… or to indicate where elements will be added in final iterations of the document:
Once you’re happy with the Blrt (you can preview it before you send it on to anybody – how good is that?) you can move on to distribution.
Send your Blrt or embed it in a web page
Now that you’ve recorded your Blrt, it’s time to actually get it seen by the people you’ve made it for.
You have a few different options available to you that essentially boil down to whether or not you want to keep the document presentation private or make it publicly available.
How to present a document privately
You can privately send your Blrt to anybody by inviting them to the conversation. A Blrt account is not required for your recipients to view the Blrt in Google Chrome on a desktop or laptop. If they’re using a mobile device they’ll be prompted to download the Blrt mobile app and create a free account.
Any recipient who registers an account will be able to reply to your Blrt within the conversation, which is a great way to create a dialogue and improve the document if needed. If the idea of a group analysing your presentation is scary, you can copy your Blrt to new conversations and share those conversations with individuals or smaller groups as you see fit. Blrt makes it easy to pick and choose your audience!
How to present a document publicly
In many cases, you’ll want your document presentation to be viewable by anybody and everybody. Maybe you’re walking customers through an instruction manual or perhaps you’re showing off your abilities as a copywriter. Whatever the case, it’s easy to share your Blrt to the world at large.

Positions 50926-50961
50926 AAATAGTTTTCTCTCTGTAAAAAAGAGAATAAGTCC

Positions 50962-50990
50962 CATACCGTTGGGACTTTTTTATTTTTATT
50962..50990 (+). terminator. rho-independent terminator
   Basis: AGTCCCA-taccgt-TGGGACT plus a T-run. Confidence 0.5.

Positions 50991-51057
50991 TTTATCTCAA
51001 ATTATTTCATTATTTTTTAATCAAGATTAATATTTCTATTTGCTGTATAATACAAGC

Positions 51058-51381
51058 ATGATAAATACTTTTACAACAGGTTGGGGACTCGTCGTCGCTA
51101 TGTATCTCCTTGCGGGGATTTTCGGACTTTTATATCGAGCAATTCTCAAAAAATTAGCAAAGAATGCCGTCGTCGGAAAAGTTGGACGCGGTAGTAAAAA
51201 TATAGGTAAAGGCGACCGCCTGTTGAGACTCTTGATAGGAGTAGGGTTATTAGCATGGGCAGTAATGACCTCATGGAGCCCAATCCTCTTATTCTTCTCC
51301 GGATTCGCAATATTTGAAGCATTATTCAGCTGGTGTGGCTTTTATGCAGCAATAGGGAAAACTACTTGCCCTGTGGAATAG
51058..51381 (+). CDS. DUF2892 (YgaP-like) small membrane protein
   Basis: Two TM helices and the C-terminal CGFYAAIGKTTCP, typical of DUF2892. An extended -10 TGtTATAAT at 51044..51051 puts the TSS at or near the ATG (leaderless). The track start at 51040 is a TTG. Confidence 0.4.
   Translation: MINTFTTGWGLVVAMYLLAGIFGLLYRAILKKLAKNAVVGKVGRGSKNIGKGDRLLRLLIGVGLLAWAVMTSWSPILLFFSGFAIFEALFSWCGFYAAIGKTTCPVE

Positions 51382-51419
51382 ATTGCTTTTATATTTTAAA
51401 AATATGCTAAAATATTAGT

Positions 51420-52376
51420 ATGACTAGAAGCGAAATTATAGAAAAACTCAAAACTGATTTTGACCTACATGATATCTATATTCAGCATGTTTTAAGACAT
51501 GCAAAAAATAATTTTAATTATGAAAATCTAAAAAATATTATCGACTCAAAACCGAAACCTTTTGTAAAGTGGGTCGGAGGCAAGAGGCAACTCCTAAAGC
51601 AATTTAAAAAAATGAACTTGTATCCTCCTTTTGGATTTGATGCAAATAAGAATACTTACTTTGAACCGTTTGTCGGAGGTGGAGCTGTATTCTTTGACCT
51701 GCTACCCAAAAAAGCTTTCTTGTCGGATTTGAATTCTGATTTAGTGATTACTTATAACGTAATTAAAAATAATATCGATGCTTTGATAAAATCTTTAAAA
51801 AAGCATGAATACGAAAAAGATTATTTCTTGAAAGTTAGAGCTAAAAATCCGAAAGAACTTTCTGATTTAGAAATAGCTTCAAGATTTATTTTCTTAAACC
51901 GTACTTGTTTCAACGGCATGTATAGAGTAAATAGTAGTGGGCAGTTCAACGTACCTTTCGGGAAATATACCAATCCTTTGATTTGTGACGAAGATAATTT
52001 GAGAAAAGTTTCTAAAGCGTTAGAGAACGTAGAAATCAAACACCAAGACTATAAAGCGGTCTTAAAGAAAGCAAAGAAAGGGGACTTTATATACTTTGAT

The first step to sharing your presentation publicly is to make your Blrt public. It’s not as scary as it sounds – you’ll still have to embed the Blrt or send people the link before they can view it, so you still have control over who sees it.
Once a Blrt is public you can find the embed code within the app and paste it directly into the code of any webpage to share your presentation with anybody viewing that page.
For more information on how embedding works, please refer to the below blog post on this very subject:
Did you know Blrts can be embedded in a web page just like videos? Today we show you how it's done...
Present a document now
Now that you know how to present a document, it’s time to get started:
Blrt helps you get your point across quickly by allowing you to talk, point and draw over images, documents and websites. The resulting video-like recording is called a Blrt.
Your Blrts require much less bandwidth than video and can be shared with anyone on mobile or desktop. This makes Blrt ideal for both collaboration and the creation and sharing of dynamic content, as public Blrts can be embedded into any webpage.
Once recorded, Blrts are stored in the cloud and are exchanged with others in a conversation-like fashion. A record is kept of the exchange, and new parties and media can be added at any time.
Blrt shifts time and place, allowing users in a conversation to participate in their own time. In an era where activity-based working and distributed teams are commonplace, Blrt is revolutionising the way people interact to get things done.